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Proposed St. Cloud Islamic Center arouses racial tensions

By Luke Tripp

Guest Commentator

 

The City of St. Cloud is unfriendly to people of color. It is located in Minnesota’s sixth congressional district, which is represented by Michele Bachman, one of the prominent leaders of the Tea Party movement. As an elected politician, her views (which are extremely hostile to the interests of people of color) largely reflect those of a large segment of her constituents in St. Cloud. Continue Reading →

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National, local controversy greets opening of new state health exchange

Critics say Paul Bunyan and Babe the Blue Ox ad campaign misfires with communities of color
 
By Charles Hallman

Staff Writer

 

MNsure, the state’s health insurance exchange program, debuted the signup process on October 1. Officials during an October 4 conference call with reporters, including the MSR, estimated that 5,000 accounts were opened during the first week. “We think it’s been going very well,” remarked MNsure Executive Director April Todd-Malmlov. She added that many people did “anonymous shopping” but did not disclose specific numbers. “Minnesota is unique,” said Todd-Malmlov. Continue Reading →

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Trained doulas can improve childbirth outcomes — Emotional support ‘inseparable’ from cultural support

 

 
 
 

By Michelle Lawrence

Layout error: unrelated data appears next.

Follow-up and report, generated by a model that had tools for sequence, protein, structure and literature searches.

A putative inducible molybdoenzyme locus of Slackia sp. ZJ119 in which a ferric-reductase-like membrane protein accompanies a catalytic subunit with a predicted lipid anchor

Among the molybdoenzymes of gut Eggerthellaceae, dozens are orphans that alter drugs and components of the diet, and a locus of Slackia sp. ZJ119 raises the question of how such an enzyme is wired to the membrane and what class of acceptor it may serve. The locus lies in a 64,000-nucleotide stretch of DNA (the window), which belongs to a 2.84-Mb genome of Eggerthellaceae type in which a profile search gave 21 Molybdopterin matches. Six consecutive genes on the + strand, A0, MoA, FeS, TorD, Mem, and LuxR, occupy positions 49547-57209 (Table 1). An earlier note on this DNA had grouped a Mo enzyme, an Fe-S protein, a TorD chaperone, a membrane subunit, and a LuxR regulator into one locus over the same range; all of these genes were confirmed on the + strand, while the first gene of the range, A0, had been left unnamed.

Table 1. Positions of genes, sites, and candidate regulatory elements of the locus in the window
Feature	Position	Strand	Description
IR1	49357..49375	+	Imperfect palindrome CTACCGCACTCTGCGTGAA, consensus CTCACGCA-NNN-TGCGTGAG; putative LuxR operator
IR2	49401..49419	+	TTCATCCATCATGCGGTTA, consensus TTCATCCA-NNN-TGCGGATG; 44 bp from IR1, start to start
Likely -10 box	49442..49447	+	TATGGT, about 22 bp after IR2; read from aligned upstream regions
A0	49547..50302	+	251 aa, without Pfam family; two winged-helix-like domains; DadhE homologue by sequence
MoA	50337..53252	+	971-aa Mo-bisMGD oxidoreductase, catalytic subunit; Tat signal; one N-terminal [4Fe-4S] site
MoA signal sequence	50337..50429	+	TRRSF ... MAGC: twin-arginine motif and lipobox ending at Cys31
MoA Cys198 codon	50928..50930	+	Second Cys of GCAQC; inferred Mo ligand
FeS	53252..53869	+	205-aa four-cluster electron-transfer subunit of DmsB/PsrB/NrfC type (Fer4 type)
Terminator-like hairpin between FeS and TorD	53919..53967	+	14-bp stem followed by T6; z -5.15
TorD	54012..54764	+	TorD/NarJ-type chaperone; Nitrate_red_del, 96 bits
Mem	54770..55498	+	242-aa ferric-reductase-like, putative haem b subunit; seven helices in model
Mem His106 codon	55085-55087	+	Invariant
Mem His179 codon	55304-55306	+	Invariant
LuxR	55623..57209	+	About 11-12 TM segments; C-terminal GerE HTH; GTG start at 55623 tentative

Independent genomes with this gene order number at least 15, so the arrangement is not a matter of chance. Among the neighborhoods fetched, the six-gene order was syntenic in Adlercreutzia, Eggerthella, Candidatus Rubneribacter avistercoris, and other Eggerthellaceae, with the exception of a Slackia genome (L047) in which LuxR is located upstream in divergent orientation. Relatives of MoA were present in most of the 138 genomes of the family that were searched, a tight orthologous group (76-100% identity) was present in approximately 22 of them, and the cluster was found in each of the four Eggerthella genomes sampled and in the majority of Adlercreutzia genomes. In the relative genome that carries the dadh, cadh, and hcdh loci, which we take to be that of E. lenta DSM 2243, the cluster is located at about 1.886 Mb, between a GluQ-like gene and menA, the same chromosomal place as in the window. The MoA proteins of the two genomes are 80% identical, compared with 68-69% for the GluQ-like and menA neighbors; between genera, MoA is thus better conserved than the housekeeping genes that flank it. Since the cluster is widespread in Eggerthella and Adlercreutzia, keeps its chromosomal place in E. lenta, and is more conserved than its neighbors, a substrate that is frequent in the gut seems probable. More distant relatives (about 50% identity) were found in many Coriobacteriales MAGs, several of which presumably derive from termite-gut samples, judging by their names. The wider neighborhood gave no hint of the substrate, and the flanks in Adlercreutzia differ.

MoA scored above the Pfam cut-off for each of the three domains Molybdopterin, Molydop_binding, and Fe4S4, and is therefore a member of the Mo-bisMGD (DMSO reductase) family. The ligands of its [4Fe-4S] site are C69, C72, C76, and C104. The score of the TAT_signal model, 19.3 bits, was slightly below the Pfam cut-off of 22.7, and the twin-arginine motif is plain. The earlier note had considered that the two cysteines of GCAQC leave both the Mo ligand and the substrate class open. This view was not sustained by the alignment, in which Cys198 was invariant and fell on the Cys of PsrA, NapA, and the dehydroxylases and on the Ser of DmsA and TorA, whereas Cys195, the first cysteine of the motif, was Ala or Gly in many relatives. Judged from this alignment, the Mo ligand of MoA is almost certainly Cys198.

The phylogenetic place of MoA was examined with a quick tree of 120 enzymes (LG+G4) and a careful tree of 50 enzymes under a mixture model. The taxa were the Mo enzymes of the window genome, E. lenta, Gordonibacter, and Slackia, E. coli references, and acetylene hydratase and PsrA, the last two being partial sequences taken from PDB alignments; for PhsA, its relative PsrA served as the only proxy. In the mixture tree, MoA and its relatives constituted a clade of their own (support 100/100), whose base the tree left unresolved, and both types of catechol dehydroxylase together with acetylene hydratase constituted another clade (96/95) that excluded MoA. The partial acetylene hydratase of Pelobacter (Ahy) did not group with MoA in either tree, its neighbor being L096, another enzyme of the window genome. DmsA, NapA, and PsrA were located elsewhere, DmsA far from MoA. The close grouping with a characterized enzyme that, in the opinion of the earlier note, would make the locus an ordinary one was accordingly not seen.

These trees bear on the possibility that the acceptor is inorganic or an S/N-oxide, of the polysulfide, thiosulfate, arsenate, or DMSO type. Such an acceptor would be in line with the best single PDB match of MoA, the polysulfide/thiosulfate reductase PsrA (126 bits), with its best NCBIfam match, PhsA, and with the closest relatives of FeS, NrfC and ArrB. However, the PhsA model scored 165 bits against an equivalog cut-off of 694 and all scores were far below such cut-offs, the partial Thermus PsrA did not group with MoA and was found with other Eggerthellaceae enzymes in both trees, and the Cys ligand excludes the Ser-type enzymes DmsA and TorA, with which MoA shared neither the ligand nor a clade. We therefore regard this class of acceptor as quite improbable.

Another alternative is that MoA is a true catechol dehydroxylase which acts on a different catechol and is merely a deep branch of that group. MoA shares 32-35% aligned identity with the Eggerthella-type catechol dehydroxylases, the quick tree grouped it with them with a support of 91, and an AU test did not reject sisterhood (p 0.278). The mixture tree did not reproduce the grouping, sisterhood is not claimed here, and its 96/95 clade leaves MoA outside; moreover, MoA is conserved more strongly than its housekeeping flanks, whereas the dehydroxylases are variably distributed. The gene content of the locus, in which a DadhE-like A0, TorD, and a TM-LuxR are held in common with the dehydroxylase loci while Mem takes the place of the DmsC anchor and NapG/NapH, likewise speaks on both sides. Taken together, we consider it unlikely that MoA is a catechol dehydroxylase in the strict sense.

Contributing Writer

 

Recent research from the University of Minnesota shows what women like Akhmiri Sekhr-Ra have known for decades: Cultural support during pregnancy has a positive impact on birth outcomes among women of African American heritage. A birth outcome is defined as the result of a pregnancy and depends on several factors such as whether the infant is born early, survives childbirth, and is born weighing at least 5.7 pounds. “When we compared birth outcomes among culturally diverse Medicaid recipients who received prenatal education and childbirth support from trained doulas with those from a national population of similar women, we estimated a 40 percent reduction in cesarean rates,” said Katy Backes Kozhimannil, lead researcher on the U of MN study. “When you look at the potential cost savings associated with a rate reduction of this magnitude, Medicaid reimbursement for birth doulas could be a case where adding coverage on the front end could ultimately result in real dollars saved.”

Currently, taxpayers fund nearly half of all U.S. births through state Medicaid programs, which generally do not cover doula care. A cesarean birth costs almost 50 percent more than a vaginal birth, with average Medicaid payments of $9,131 for a vaginal birth and $13,590 for a cesarean delivery. Continue Reading →

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Twin Cities Black Film Festival founder on 10 years of stars and screenings

By Charles Hallman

Staff Writer

 

Ten years ago, Natalie Morrow wanted to establish an annual Black film screening event on the comparable level as similar events held in Atlanta and Los Angeles. Since then, the Twin Cities Black Film Festival (TCBFF) has been held each September in such places as Augsburg College (twice), at downtown hotels and once at now-vacant Block E. Stars such as Nate Parker, cinema icons such as Pam Grier and countless screenwriters, directors and documentary producers have been special guests over the years as well. Among this year’s 14-film festival September 27-30 at St. Anthony Main Theatre included a tribute to the late Whitney Houston (The Bodyguard), two unheralded 1970s classics (The Spook Who Sat by the Door and Black Brigade), a documentary on the final season of sports at Minneapolis Community and Technical College and a comedy filmed in the Twin Cities. “I’m happy that I am still on the right track in selecting the right films,” says Morrow in an interview with the MSR.